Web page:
So you’ve been working feverishly on your Windows Azure application, all your testing and debugging in the Windows Azure development fabric (aka Windows Azure Emulator) is complete, life is good!  You deploy your application to your Windows Azure account in the cloud and wait in eager anticipation for the deployment to complete.   Browse to http://myreallycoolapp.cloudapp.net and ….

uh oh

What can be more anticlimactic?  And where do you go next?

While working on the Bot Lab portion of the RockPaperAzure Challenge code, I ran into a few unexpected bumps in the road myself, a couple not even reproducible in my own environment in the cloud.   In all of those cases, everything worked just fine and dandy in the Windows Azure Emulator on my local machine (which should always be your first test anyway).

Here are three of the ‘bumps’ analyzed for you, in hopes that this post helps you avoid similar frustrations and time sinks!

Unhealthy Roles Web.config misconfiguration Blank Startup Page

 

Unhealthy Roles

In this case, my Web Role couldn’t even start up in Windows Azure – remember though, it worked just fine in the Windows Azure emulator.

Azure portal with unhealthy role

There’s not a lot you can do at this point, unless you’ve thought ahead and set up remote desktop protocol (RDP) access; and yes, you can remote in even if your role isn’t in the Ready state.  Since I hadn’t set up my deployment for remote access, I ended up redeploying with the appropriate settings, but you could also contact Azure support for assistance at this point.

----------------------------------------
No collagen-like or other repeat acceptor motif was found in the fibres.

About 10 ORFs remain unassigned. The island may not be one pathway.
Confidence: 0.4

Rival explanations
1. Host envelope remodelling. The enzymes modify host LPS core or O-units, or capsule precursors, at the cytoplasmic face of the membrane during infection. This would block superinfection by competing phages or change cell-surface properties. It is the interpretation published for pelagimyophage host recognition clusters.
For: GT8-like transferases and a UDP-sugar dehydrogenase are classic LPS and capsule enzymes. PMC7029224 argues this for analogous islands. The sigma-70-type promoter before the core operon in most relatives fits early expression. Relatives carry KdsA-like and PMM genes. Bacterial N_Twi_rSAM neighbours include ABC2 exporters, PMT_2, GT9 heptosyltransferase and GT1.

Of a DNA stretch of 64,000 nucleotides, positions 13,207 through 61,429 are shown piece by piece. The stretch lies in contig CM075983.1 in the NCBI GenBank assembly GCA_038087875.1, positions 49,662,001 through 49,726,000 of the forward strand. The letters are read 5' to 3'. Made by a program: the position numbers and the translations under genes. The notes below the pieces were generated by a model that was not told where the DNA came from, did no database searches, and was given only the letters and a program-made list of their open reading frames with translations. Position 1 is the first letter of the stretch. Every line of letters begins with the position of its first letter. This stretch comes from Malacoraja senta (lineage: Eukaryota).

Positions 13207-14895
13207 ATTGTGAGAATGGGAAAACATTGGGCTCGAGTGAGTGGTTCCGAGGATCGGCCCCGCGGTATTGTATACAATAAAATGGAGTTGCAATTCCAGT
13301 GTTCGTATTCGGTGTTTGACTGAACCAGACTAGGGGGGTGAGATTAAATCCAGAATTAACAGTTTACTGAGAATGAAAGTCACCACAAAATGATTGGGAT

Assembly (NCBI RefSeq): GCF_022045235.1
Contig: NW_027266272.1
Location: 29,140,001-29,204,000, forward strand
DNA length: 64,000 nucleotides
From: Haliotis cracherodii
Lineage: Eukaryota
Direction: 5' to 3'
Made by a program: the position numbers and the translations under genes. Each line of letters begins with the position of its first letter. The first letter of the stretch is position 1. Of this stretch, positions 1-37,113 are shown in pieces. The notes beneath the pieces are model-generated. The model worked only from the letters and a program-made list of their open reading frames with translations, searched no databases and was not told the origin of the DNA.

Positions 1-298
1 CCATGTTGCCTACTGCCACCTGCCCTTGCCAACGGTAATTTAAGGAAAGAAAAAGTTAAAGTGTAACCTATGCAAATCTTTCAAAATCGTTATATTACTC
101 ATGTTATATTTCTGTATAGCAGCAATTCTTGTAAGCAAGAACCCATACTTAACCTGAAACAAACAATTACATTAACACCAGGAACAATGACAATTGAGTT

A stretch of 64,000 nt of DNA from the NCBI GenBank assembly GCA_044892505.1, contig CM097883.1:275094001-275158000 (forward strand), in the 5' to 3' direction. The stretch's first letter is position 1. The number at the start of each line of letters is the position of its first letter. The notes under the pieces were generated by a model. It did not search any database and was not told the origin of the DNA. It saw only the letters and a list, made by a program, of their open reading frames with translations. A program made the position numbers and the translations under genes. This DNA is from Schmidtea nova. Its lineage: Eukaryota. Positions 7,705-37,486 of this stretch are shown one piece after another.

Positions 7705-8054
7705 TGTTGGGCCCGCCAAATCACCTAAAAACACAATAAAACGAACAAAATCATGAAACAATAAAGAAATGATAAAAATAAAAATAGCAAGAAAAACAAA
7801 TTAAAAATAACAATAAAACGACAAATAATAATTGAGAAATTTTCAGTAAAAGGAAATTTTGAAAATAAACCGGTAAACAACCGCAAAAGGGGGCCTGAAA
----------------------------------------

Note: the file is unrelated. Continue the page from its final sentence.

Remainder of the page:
Because Bot Lab is deployed using Hostable Web Core (HWC) instead of full IIS, I couldn’t use IIS Manager to get more insight.  Rather, I needed to navigate to the diagnostics directory on the VM:

As you can see though, I didn’t have access to the LogFiles directory, but that was remedied by walking through the following prompts which appear after clicking Continue on the dialog above.  Essentially, I needed to grant privileges to the ad hoc user that is created to allow access to the VM via RDP.

Upon opening the log file, which is in W3C Extended Log File Format, the following line provided some insight:

2011-04-10 05:09:10 W3SVC1 RD00155D36031A 10.211.148.129 GET /do.__rd_runtime_init__ - 80 - 10.211.148.129 HTTP/1.1 WaWebHost-Agent - - 10.211.148.129 500 0 0 8415 158 6906

Highlighted above is the private server IP address and the HTTP status code, 500.   Browsing to the internal IP directly within the VM brought the root cause to light:

Had I deployed this site using IIS (which is the default with the Windows Azure SDK 1.3 and later), I would have seen this error right away in the browser on the client, and the Web Role would have actually been in the Ready state. 

So what’s the fix?  This error is the hallmark of a missing assembly, often resulting from a configuration error in which Copy Local has not been set when publishing from Visual Studio.  Indeed that was the case for some users who had downloaded the original source package.  My view of the source did and continues to show the following though: